of a sea-level canal had been appointed on September 16th, the
corresponding committee to consider the lock project was not appointed
until October 3d, or seventeen days later, with the additional
disadvantage of the Board being on the ocean, with no opportunity to
send for persons and papers during the short period of time remaining to
take into due consideration all the facts pertaining to a lock canal,
for, as I have said before, the last business meeting was held on
November 24th.

_Mr. Foraker._--Mr. President----

_The Vice President._--Does the Senator from New Jersey yield to the
Senator from Ohio?

_Mr. Dryden._--Certainly.

_Mr. Foraker._--I would like to ask the Senator whether on the 16th of
September, when this motion was made by Mr. Hunter, if I remember
correctly, the Board of Engineers had completed their investigations and
explorations on the Isthmus? I did not observe.

_Mr. Dryden._--No.

_Mr. Kittredge._--Mr. President----

_The Vice President._--Does the Senator from New Jersey yield to the
Senator from South Dakota?

_Mr. Dryden._--I yield.

_Mr. Kittredge._--If the Senator from New Jersey will permit me, I will
be glad to answer the question of the Senator from Ohio. The Board of
Consulting Engineers sailed from New York on the 28th of September for
the Isthmus and returned about the middle or 20th of October.

_Mr. Foraker._--Sailed from the Isthmus?

_Mr. Kittredge._--Sailed from New York for the Isthmus.

_Mr. Foraker._--Then the motion was made by Mr. Hunter before the Board
of Engineers left the United States.

_Mr. Kittredge._--Certainly; to appoint a committee of investigation.

_Mr. Dryden._--I should like to say at this point that while I have
gladly yielded to Senators, I think it is quite probable that before I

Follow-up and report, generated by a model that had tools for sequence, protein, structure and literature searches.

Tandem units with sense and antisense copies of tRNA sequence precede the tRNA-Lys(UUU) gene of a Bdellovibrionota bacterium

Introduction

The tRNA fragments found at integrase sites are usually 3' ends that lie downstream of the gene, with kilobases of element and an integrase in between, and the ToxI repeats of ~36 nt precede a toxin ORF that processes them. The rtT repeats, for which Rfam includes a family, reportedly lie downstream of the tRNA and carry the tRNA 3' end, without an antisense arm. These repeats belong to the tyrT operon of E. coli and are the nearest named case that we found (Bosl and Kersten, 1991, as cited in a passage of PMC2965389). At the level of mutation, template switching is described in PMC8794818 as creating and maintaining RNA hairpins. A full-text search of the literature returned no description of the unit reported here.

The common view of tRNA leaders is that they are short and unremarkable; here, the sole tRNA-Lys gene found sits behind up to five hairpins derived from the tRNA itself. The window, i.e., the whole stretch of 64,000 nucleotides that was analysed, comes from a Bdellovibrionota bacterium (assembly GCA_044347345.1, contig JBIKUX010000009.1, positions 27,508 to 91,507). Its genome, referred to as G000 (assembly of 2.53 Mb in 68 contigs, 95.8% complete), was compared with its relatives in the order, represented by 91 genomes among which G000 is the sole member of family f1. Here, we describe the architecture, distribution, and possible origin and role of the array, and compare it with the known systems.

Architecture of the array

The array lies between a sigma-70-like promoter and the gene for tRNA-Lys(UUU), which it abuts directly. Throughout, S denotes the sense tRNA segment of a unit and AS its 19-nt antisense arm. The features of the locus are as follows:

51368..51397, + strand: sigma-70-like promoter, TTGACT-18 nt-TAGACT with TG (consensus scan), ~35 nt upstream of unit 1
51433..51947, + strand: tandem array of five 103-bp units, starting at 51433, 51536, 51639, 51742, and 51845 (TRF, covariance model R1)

get through I shall cover any questions that may be asked. I would
prefer to complete my remarks, and then I shall be very glad to answer
any questions that Senators may choose to ask.

_Mr. Foraker._--I beg pardon.

_Mr. Dryden._--I was glad to yield to the Senator.

_Mr. Foraker._--The speech is a very interesting one.

       *       *       *       *       *

_Mr. Dryden._--There is nothing in the minutes of the Board which
disclosed that either proposition received the necessary deliberate
consideration of the extremely complex and important details entering
into the two respective projects, but it is evident that, regarding the
sea-level proposition at least, there was a decided bias practically
from the outset, which matured in the majority report favoring that
proposition. What was in the minds of the members, what was done outside
of the Board meetings, by what means or methods conclusions were
reached, has not been made a matter of record and is not, therefore,
within the knowledge of Congress.

It is true that the respective reports of the two committees were
brought before the Board as a whole on November 14th and that the
subject was discussed at some length on November 18th, when each member
of the Board expressed his views for or against one of the two projects.
But there remained only ten days before the last business meeting of the
Board was held, when the foreign members sailed for home. The final
reports, as they are now before Congress, apparently never received the
proper and extended consideration of the Board as a whole, and the
minority report favoring a lock canal seems never to have been discussed
upon its merits at all. When I recall the very different procedure of
the technical commission appointed by the New Panama Canal Company,
which extended its consideration of the subject from February 3, 1896,
to September 8, 1898, during which time ninety-seven stated meetings and
a large number of informal meetings were held, I say, it seems to me,
from a practical business point of view, casting no reflection upon
either the ability or the fairness of judgment of the members of the
International Board, that the mere element of time should weigh